Traffic Ticket Trial Procedure Changing in Maryland
New law requires timely action on driver's part
Beginning Jan. 1, if you get a traffic ticket in Maryland and you want to fight it in court, you must request a trial date. If you plan to pay the ticket, you need to do it in a timely fashion or risk having your license suspended.
Under the current system, drivers who receive citations are automatically given a trial date. The law requires the driver to pay the fine by the trial date or appear in court that day to answer to the charge.
Often, drivers wait until the last minute to pay the ticket, after the police officer who issued the citation is already scheduled to appear in court, resulting in time wasted and in many cases, unnecessary overtime expenditures, police said.
Beginning after the first of the new year, ticketed drivers will have three options:
- Pay the full amount of the preset fine.
- Request a hearing regarding sentencing and disposition in lieu of a trial (in other words, you do not dispute the facts alleged in the citation but wish to be heard regarding sentencing).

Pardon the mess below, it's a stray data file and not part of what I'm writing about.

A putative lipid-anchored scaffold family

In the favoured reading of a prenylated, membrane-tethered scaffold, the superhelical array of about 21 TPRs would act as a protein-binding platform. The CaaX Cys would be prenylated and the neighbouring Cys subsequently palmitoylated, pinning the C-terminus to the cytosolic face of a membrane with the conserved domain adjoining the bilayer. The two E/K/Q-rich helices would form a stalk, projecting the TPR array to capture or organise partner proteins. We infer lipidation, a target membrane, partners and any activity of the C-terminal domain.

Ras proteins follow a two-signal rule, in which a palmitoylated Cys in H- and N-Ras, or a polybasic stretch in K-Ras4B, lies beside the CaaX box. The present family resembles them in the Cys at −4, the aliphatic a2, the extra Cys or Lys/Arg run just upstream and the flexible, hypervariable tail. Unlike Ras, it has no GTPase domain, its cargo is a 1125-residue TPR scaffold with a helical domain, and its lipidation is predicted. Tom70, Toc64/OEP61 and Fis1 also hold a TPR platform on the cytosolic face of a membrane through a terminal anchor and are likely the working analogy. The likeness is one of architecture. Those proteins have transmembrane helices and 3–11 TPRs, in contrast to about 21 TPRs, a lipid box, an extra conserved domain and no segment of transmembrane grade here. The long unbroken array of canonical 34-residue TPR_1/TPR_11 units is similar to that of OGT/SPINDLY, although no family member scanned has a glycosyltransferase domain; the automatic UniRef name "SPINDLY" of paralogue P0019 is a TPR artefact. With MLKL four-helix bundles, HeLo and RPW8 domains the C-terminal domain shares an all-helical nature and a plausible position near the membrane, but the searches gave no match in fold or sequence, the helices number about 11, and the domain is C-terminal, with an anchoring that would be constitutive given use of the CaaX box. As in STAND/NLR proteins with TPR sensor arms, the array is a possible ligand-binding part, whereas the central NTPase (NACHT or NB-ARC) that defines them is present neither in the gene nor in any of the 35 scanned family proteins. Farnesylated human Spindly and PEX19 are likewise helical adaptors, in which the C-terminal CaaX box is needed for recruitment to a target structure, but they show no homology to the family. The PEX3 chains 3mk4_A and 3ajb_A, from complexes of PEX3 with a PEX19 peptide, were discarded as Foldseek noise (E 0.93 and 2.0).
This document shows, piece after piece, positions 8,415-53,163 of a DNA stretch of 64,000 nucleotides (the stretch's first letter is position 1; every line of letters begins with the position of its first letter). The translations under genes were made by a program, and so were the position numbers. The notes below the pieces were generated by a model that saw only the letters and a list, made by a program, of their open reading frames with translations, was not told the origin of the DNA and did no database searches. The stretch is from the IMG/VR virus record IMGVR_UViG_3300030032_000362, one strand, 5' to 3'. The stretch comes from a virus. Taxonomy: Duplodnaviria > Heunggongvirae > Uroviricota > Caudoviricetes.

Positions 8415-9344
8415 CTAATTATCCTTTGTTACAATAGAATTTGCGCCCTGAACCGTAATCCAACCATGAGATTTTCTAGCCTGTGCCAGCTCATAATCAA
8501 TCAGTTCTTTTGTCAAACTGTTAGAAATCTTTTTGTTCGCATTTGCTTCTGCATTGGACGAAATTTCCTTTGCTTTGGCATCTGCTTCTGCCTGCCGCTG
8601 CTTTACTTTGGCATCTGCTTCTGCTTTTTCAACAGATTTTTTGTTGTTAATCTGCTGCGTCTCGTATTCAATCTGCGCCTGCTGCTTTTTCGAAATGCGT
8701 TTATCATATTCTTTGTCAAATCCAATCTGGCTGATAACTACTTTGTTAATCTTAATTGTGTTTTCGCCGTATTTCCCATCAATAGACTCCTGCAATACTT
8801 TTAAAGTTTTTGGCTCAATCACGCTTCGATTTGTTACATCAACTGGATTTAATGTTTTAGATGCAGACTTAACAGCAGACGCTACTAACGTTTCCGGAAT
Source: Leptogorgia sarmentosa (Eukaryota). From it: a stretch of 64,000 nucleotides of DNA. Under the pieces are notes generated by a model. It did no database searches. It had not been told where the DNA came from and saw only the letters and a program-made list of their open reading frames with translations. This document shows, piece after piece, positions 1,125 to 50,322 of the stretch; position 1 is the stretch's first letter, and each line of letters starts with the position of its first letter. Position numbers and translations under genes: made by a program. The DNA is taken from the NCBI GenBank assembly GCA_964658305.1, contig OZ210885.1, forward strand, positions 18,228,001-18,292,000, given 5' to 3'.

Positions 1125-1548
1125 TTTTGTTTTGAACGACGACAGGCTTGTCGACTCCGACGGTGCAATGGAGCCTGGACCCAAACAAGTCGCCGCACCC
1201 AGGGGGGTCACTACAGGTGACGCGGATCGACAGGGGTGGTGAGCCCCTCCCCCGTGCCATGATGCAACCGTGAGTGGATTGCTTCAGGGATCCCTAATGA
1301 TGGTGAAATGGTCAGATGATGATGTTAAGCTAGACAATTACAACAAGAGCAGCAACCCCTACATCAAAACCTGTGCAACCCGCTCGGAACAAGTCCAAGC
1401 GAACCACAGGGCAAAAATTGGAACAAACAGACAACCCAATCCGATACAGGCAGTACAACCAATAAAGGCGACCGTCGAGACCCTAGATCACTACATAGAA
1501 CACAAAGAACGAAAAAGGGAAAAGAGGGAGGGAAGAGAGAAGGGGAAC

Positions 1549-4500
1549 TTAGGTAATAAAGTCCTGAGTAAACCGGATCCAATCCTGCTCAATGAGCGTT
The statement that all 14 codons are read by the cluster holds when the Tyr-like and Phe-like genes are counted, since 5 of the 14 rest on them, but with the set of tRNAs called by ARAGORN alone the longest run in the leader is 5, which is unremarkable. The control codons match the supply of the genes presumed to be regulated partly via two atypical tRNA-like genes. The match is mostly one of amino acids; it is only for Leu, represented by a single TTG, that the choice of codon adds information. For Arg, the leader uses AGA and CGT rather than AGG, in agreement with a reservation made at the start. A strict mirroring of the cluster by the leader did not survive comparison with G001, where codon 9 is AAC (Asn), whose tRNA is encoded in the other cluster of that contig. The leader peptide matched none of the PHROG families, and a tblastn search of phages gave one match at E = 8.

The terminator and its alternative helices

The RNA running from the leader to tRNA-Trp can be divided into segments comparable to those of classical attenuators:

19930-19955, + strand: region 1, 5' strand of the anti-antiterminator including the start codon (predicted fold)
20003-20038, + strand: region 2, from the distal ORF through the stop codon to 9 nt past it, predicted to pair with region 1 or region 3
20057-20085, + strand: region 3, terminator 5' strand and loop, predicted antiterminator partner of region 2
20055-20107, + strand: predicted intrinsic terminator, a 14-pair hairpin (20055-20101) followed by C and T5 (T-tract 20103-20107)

- Request a trial date. The date, time and place will be established by the District Court.
Drivers have 30 days to make one of the three choices and notify the District Court. Motorists who do not notify the Court within that time frame may be subject to suspension of their drivers’ licenses.
The new law does not apply to citations for “must appear” violations such as drunken driving. Defendants in those cases will be automatically notified by a Circuit Court or the District Court of a trial date and location.
Published at 6:39 PM EDT on Dec 1, 2010